Dynamic Compression of Metals

Dynamic compression

Study­ing the behav­ior of met­als dur­ing a high-speed dynam­ic com­pres­sion event has always been chal­leng­ing due to the com­plex test set up and fast data cap­ture rates required. Cur­rent­ly, very lit­tle lit­er­a­ture is avail­able regard­ing defor­ma­tion behav­ior at strain rates of  10 to 500s-1. Uti­liz­ing high-speed cam­eras, the Vic-3D HS sys­tem can be used to quan­ti­fy the sur­face dis­place­ments and strains in three dimen­sions over the entire field with great pre­ci­sion. Dig­i­tal Image Cor­re­la­tion (DIC) has gained wide­spread pop­u­lar­i­ty over recent years in such high-speed appli­ca­tions due to its high accu­ra­cy, flex­i­bil­i­ty and ease of use.




Dynamic compression2In this exam­ple, a 6mm diam­e­ter cylin­dri­cal spec­i­men was com­pressed at a strain rate of 50s-1. The Vic-3D HS sys­tem was used to cap­ture the  sur­face dis­place­ments and  strains on  the  spec­i­men dur­ing the event. A ran­dom speck­le pat­tern is applied to the spec­i­men that allows the analy­sis soft­ware to eas­i­ly track the defor­ma­tion to sub-pix­el accu­ra­cy. Although the high- speed cam­eras are capa­ble of much high­er cap­ture rates, for this test they were set to an appro­pri­ate frame rate of 14,400fps to max­i­mize spa­tial res­o­lu­tion while acquir­ing an ade­quate num­ber of images dur­ing the event. The cam­eras were post-trig­ger at a res­o­lu­tion of 1024 x 400 pix­els. After the event, the images are trans­ferred to the computer’s  hard  dri­ve, and  then  post-processed using Vic-3D analy­sis software.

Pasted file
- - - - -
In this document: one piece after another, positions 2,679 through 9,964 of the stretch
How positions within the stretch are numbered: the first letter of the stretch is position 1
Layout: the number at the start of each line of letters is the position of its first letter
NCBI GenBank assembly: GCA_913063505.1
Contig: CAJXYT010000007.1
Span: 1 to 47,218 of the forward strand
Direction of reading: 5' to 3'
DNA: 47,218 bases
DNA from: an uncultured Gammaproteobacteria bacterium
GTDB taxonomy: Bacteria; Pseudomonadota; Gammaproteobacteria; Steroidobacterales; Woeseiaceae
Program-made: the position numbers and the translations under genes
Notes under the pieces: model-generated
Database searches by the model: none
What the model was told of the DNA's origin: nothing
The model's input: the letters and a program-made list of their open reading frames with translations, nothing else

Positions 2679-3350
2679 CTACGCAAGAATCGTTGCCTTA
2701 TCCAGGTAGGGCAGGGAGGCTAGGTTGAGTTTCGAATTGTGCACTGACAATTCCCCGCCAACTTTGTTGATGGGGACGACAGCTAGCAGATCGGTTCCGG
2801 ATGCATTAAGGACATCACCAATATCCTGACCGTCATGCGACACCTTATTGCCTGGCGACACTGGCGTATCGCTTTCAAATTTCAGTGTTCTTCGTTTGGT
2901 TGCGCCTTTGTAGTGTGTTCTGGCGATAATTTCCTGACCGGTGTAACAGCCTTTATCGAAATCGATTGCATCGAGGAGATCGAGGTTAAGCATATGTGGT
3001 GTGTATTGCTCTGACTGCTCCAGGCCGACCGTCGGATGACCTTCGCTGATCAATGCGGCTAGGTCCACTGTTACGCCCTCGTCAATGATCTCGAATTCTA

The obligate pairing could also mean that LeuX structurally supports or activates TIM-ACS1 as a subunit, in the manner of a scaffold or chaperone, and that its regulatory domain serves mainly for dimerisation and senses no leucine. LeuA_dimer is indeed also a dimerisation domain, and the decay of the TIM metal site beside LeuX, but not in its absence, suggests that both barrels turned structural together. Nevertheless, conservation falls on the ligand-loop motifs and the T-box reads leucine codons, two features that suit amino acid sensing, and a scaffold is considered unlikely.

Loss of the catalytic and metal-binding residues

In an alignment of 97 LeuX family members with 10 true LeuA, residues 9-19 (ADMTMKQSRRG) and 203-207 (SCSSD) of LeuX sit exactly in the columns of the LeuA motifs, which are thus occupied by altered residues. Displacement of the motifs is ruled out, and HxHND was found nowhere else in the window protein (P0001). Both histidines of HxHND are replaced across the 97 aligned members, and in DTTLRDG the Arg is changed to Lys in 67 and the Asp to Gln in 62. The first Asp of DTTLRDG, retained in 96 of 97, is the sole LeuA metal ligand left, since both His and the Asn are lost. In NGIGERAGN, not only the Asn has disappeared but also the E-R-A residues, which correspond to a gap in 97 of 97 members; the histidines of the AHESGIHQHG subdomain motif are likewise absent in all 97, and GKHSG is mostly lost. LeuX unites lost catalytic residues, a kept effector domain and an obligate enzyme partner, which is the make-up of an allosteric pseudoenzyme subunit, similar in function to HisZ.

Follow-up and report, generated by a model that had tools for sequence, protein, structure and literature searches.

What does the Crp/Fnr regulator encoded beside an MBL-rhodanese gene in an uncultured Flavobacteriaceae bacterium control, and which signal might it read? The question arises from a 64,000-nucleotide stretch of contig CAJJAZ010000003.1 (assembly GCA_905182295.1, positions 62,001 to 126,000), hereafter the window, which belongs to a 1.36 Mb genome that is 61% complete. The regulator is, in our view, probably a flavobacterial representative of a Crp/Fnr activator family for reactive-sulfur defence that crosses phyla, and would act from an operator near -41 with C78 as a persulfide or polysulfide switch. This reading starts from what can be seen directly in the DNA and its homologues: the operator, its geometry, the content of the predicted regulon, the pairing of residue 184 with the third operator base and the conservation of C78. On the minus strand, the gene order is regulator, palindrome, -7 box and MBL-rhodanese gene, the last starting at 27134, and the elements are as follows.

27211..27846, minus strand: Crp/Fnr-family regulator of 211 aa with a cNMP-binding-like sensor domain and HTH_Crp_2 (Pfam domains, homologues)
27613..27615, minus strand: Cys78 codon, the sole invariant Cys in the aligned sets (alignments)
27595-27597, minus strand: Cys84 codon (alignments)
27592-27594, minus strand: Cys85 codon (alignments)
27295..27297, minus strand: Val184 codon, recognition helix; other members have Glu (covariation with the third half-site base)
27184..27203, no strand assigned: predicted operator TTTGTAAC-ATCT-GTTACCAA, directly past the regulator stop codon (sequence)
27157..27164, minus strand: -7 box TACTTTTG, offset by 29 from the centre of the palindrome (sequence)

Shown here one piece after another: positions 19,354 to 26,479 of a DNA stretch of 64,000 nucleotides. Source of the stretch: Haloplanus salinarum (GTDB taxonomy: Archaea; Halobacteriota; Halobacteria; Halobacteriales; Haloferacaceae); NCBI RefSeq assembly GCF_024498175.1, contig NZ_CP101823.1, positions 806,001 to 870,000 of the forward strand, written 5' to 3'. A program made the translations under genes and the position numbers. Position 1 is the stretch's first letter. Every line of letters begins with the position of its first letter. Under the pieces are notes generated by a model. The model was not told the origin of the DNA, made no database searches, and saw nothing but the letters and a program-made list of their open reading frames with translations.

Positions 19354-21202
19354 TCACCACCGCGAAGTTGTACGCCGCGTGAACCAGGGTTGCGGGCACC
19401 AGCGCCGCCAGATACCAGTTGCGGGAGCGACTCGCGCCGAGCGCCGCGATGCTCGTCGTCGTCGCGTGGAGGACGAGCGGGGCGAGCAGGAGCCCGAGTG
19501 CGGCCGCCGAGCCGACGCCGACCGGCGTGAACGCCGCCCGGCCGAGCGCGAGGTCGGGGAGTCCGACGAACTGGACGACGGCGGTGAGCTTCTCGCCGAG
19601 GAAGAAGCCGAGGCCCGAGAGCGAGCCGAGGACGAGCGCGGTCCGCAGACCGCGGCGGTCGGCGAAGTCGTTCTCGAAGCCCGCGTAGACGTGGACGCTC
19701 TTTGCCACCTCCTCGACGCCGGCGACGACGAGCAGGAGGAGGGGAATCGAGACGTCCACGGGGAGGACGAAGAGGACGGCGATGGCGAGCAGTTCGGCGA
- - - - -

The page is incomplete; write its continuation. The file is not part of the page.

Images cour­tesy of Amos Gilat & Jere­my Sei­dt at Ohio State University.



Contractions of a Muscle

Bio­me­chan­ic researchers were study­ing the con­trac­tions of a rat Tib­ialis Ante­ri­or mus­cle.  It was desir­able to quick­ly and accu­rate­ly quan­ti­fy the over­all move­ments, as well as local­ized variations.


Because the exper­i­ments involved live tis­sues, con­ven­tion­al gauges were dif­fi­cult to apply and tend­ed to inter­fere with the motion under study.  It was impor­tant to cap­ture data quick­ly, and for as many points as pos­si­ble.  Mark­er track­ing had been used, but pro­vid­ed only gross aver­ages.  It was also time-con­sum­ing and tedious for the researchers to process this type of  information.


The Vic-3D sys­tem was used to rapid­ly cap­ture con­trac­tion data over the entire mus­cle sur­face.  Due to the system’s speed and sim­plic­i­ty, it was pos­si­ble to make numer­ous mea­sure­ments at pre­cise­ly timed inter­vals.  There was no inter­ac­tion with the spec­i­men, and no need to guess which areas would be of great­est interest.